Five Best Desktop Video Players

Five Best Desktop Video Players

Your computer is a powerful entertainment device, but if you're regularly watching movies and TV shows using it, you need the right video player. The ideal candidate would be fast, lightweight, flexible, and able to handle obscure codecs and odd file formats. This week we're looking at five of the best desktop video players, based on your nominations.

PotPlayer (Windows)

Five Best Desktop Video Players

Daum PotPlayer is our current App Directory pick as the best video player for Windows, and it's clear from the nominations that a good number of you agree with us. PotPlayer is lightweight, free and plays just about every file format, codec, media container and type of file with ease. In addition to broad format support, PotPlayer also gives you a wealth of features and controls to get your video playback looking just the way you want. It includes filters for noise reduction, deinterlacing, brightness, contrast and hue. You also get audio controls and lots of skins to customise the UI.

If you don't want all of those features and settings, then PotPlayer might feel like overkill. However, that degree of power for the low price of absolutely free is very welcome. The software can remember where you left off when you stop watching a video, and if you have a naming convention for TV shows, it will even pick up the next episode when one is finished.


GOM Player (Windows)

Five Best Desktop Video Players

GOM Player (Gretech Online Movie Player) is a Windows-only, free (and ad-supported) media player that has comprehensive file type and video format support. One of GOM Player's claims to fame is that if the player can't figure out how to play the video file you're trying to open, it will search for the required components to play it on its own, without you having to intervene. It's also great at playing broken media files and partial downloads. It supports a skinnable, customisable interface that lets you change the UI to suit your own needs, and it offers some other useful advanced features (such as built-in screen and audio capture and the ability to add video effects).

GOM Player's ad-supported nature has miffed some users, but many don't seem to mind. After you close a GOM Player window or exit the application, a splash screen will hit you with ads before you close it. There are ways around it (available all over the web), but as a result, some anti-malware apps have been known to flag it as a potentially unwanted program. Those of you who praised the app highlighted its keyboard and mouse shortcuts, and noted that the default app settings work really well for most users.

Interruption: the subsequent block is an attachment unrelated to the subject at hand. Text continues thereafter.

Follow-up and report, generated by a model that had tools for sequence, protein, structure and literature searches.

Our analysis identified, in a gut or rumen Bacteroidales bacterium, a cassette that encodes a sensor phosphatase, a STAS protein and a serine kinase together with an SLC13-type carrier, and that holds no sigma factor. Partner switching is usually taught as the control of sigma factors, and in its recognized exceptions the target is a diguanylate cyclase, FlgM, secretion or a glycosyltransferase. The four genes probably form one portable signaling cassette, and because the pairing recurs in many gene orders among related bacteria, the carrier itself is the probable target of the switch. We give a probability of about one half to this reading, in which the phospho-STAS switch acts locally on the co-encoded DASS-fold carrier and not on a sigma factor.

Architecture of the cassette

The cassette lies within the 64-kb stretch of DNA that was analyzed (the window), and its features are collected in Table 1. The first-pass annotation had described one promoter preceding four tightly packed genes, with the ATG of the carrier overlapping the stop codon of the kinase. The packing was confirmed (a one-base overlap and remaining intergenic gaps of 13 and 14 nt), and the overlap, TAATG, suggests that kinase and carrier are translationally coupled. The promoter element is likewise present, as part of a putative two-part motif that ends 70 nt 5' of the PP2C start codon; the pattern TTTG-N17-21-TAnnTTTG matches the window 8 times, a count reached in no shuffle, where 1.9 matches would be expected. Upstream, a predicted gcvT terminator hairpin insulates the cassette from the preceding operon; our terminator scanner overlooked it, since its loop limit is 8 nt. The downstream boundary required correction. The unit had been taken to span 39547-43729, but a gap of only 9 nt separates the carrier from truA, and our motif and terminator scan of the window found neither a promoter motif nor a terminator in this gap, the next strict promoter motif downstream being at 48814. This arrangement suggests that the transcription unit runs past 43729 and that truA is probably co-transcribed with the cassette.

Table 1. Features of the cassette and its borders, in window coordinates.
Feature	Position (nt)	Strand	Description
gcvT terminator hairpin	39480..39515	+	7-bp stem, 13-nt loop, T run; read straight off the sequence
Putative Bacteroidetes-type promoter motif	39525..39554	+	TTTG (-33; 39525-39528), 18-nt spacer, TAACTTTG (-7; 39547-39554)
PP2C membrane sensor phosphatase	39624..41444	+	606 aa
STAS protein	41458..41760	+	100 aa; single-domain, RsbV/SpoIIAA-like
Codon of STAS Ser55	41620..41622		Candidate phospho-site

MPC-HC (Windows)

Five Best Desktop Video Players

MPC-HC (Media Player Classic - Home Cinema) has been around for a long time, born out of the stalled development status of the original MPC back in 2006. MPC-HC has largely fixed the bugs and issues with the original player, and added a stack of useful features in the process. MPC-HC is Windows only, and remarkably lightweight — in fact, in many cases, you can be up and playing video with MPC-HC before other slower media players even load. MPC-HC includes key commands to eliminate screen tearing when watching video, extensive video format and codec support, and there's even a 64-bit version available. It's completely free and open-source (under the GNU GPL licence), and it's also available at a portable app.

MPC-HC isn't totally perfect — the fact that it's so lightweight means it's also lacking in some of the features that advanced users may seek out, but it can be extended with plug-ins and external packs. Its fast performance and minimal interface are great if you don't want to do a lot of tweaking.


XBMC (Windows/Mac/Linux)

Five Best Desktop Video Players

XBMC is more than just a media centre application, although it's definitely our favourite one of those as the core our favourite media centre builds. It's also a highly configurable player that you can use on a desktop or laptop to get a real media centre experience. While it's obviously great on a big screen connected to an HTPC, it works just as well on your desktop connected to a large external display, or on your laptop's 15" display while you're on a train or plane.

XBMC is open source, available for Windows, Mac, Linux, and a number of other platforms. XBMC can play just about anything without worrying about file format, encoding, codecs or even subtitles — if they're in the same place as your video, XBMC can handle it for you. XBMC can also retrieve useful information from the web for you, including movie and TV show information, ratings and episode order. It also handles music and streaming video beautifully, and is ridiculously customisable thanks to its wide variety of third-party plugins.


VLC (Windows/OS X/Linux)

Five Best Desktop Video Players

Ah VLC. VLC is a portable, open-source (GNU LGPL licensed), cross-platform, free media player. It earned its stripes a long time ago as one of the first "play anything" media players. It has always had a reputation for making the process painless, being fast and flexible, and packing just enough features to keep viewers happy while simultaneously giving advanced users the control they wanted over their videos and movies. It sports a number of optional third-party plugins to extend its features, and supports skins and themes. There's a build for it for just about every desktop OS and flavour of *nix you can think of, making it an excellent all-around player for any device or platform.

VLC isn't perfect: its UI has become a bit cumbersome over the years. Some of the other players in the roundup are faster and more lightweight or offer more advanced features. However, as a cross-platform choice it remains hard to beat.


The honourable mentions this week go out to three well-regarded video players:KMPlayer (Windows), MPlayerX (Mac OS X), and SMPlayer (Windows/Linux).

Have something to say about one of these players? Want to make the case for your personal favourite, even if it wasn't included in the list? Tell us (and tell us why) in the comments.